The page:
Goodyear Develops Tyre for Driving and Flying
Goodyear is unveiling its "Aero" concept tyre, which can support flying cars, at the Geneva International Motor Show. Once the tyre is folded up, it becomes a rotor and the spokes become its blades.
Goodyear has presented the Aero concept tyre for autonomous flying cars at the Geneva International Motor Show. The Aero is like any normal tyre for cars driving on the road, only that it can also can provide a lift upwards like a rotor, enabling the car to fly.
"With mobility companies looking to the sky for the answer to the challenges of urban transport and congestion, our work on advanced tyre architectures and materials led us to imagine a wheel that could serve both as a traditional tyre on the road and as a propulsion system in the sky," said Chris Helsel, Chief Technology Officer at Goodyear.
Multimodal design and non-pneumatic structure
The Aero is based on a multimodal tilt-rotor concept. It can serve as a drive train and transmit forces in the usual direction to and from the road - in other words, provide forward thrust. It can also serve as a drive in the air and provide thrust upwards. With the right car, tomorrow's commuters would have the opportunity to switch seamlessly from road to air on their journey.
The spokes of the concept are designed to help carry the load of the vehicle. They also function like rotor blades and provide lift when the wheel is tilted. The Aero, which is airless, is based on a non-pneumatic structure that is flexible enough to absorb shocks when the car is driving on the road. It is also strong enough to rotate so fast that the rotor blades provide a vertical lift, explains Goodyear.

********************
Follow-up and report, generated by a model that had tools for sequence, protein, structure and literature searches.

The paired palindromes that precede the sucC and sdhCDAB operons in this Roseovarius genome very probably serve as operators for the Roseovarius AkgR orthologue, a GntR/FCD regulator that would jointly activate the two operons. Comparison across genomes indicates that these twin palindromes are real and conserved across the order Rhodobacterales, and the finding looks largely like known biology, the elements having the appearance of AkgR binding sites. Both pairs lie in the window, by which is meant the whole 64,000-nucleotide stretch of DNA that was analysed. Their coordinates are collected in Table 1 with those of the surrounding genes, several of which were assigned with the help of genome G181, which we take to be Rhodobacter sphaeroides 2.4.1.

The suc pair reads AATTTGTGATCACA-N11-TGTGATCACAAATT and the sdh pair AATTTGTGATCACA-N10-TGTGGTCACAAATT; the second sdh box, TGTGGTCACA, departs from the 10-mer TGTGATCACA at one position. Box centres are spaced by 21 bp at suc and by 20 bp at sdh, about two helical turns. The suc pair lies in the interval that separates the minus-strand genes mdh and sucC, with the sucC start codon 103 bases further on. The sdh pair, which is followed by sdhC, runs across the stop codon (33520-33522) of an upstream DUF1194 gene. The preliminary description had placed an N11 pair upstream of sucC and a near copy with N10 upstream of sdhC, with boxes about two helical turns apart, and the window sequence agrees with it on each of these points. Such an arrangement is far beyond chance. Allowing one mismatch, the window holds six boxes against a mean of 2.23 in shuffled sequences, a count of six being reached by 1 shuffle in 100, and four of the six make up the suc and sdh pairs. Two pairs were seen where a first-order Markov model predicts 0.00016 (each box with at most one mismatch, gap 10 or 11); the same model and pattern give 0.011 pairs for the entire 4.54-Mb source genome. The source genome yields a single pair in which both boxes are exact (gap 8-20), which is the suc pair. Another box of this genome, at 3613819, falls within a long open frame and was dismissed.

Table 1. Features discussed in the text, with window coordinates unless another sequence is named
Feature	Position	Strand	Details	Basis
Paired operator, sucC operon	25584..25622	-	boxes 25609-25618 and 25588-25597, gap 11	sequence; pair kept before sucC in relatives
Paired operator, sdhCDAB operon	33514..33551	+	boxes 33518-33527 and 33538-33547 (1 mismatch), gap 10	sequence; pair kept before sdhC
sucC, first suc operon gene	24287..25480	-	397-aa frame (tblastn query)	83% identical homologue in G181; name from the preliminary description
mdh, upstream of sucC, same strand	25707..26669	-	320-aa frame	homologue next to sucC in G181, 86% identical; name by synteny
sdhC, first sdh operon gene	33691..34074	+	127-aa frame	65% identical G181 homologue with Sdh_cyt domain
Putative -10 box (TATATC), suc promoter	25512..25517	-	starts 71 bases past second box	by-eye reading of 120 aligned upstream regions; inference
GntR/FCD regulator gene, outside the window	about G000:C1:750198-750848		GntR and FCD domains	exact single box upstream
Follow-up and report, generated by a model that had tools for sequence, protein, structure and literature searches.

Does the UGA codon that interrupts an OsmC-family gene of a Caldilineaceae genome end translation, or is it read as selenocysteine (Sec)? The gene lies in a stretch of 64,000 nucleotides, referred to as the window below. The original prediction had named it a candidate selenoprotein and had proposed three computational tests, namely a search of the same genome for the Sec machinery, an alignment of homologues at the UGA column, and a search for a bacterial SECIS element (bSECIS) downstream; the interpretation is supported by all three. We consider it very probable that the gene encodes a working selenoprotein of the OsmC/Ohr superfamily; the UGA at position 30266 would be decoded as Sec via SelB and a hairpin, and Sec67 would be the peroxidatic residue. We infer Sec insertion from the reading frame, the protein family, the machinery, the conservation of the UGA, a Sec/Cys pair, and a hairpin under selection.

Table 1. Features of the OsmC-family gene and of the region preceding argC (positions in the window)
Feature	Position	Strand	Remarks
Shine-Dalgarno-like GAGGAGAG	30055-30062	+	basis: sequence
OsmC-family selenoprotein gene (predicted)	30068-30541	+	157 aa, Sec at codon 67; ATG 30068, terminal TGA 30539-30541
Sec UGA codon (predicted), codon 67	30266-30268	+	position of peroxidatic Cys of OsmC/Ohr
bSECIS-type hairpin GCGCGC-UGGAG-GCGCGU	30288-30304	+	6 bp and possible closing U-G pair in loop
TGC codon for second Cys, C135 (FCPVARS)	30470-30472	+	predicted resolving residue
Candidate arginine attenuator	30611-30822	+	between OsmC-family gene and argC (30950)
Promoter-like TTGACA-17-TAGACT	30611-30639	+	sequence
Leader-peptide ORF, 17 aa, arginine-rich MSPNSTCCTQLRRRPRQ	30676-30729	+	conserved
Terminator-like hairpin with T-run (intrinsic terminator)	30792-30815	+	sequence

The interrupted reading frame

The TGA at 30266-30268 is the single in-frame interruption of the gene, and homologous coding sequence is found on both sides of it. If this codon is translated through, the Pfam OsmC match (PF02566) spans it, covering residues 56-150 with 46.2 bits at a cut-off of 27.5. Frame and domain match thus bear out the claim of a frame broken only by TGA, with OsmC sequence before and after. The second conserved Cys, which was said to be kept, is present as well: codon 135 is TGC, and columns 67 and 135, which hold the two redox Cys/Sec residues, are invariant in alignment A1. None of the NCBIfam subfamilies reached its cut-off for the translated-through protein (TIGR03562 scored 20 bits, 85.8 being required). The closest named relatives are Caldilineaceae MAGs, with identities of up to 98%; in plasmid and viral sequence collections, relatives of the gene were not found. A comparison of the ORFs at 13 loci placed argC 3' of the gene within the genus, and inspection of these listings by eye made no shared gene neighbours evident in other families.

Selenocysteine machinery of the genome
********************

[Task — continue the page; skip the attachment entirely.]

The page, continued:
Magnetic drive and optical sensors
The Aero uses magnetic power for a smooth drive. This enables the high rotational speed that is necessary to move the vehicle forward on the road and to lift it off and propel it in the air when the wheel is inclined.
The concept tyre uses light-based fibre-optic sensors to monitor the road surface, tyre wear and its own structural integrity. In addition, the Aero has an embedded artificial intelligence processor that combines the data collected by the sensors with information from vehicle-to-vehicle and vehicle-to-infrastructure communication. The processor analyses these data streams to give recommendations for action, for example, to allow the vehicle to switch to flying or driving mode. It can also identify and solve tyre-related problems before a breakdown.